From the Boulder Weekly (Chelsea Long):
…since 1986, the treatment facility has been finding ways to offset that electrical necessity. Back then, it was methane gas. Now, it’s solar power. “For the last 25 years, we’ve been beneficially using the methane gas that we derive from treated solids. As we break down and treat solids, a gas is formed that’s primarily methane,” Douville says. “Methane has a combustion value, and we use a system called co-generation to make electricity.” That system generates an average of 20 percent of the facility’s power needs, and it keeps methane from being released in the atmosphere. “Not all communities do that. We’re on the exception end of things,” Douville says. “Normally what a facility would do is burn the gas, so they’d flare it, ignite it and combust it, and it would go off in the atmosphere as carbon dioxide and heat. Boulder made the commitment to produce electricity.”[…]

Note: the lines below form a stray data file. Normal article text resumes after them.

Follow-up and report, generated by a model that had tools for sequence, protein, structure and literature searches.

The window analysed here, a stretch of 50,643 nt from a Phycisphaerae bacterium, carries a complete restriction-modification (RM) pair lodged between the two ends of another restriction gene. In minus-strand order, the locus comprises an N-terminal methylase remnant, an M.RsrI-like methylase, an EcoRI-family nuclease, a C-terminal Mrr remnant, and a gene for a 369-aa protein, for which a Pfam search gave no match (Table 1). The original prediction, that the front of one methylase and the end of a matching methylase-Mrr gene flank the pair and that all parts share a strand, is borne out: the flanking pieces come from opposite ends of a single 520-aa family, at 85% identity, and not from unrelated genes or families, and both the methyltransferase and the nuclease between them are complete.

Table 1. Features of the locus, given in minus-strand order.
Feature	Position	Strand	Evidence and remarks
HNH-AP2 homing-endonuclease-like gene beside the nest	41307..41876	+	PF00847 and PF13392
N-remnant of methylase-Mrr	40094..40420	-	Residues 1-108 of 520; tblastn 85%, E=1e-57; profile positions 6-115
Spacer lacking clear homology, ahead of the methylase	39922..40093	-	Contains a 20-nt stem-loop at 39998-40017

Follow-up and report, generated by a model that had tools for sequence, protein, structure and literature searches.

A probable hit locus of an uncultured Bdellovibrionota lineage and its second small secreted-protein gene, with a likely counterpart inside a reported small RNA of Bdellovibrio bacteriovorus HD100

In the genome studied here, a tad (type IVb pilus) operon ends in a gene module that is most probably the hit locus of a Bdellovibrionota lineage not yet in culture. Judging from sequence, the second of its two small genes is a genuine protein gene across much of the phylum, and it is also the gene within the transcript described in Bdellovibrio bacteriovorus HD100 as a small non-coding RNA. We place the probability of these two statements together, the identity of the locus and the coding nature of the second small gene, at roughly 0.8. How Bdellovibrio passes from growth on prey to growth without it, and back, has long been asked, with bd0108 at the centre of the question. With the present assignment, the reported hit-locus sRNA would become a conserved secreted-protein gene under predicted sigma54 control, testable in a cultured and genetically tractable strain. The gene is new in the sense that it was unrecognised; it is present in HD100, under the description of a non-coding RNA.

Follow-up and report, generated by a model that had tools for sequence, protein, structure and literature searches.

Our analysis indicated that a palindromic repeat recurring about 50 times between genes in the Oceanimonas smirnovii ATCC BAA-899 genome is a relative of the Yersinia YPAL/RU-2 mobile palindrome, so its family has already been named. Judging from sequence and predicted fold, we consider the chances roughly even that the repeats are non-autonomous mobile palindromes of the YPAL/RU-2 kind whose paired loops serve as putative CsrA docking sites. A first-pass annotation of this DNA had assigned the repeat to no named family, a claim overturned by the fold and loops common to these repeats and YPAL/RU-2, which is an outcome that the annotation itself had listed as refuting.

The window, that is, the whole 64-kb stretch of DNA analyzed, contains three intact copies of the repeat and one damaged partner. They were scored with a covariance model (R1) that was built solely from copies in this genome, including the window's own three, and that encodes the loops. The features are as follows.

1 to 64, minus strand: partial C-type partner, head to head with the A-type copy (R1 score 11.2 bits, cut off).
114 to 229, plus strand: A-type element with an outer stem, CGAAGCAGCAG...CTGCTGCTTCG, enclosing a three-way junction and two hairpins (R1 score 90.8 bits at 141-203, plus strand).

One of the last steps in decontamination is to rid the water of bacteria and other pathogens that are present in high levels. Currently, the center uses gaseous chlorine to disinfect the water of these pathogens. “It’s very effective but is extremely toxic to aquatic life and a huge safety risk to city staff and residents nearby, if we had a leak or tank rupture. That’s a low-probability event, but still a realistic risk scenario that we face,” Douville says. The center uses a second gas to dechlorinate and remove residual chlorine, so that toxins aren’t released into the stream, but both of those gases will be replaced with a UV disinfection system. “It’s a focused, targeted wavelength of high energy that only takes a matter of seconds to disinfect the wastewater and achieve compliance with our regulations,” Douville says.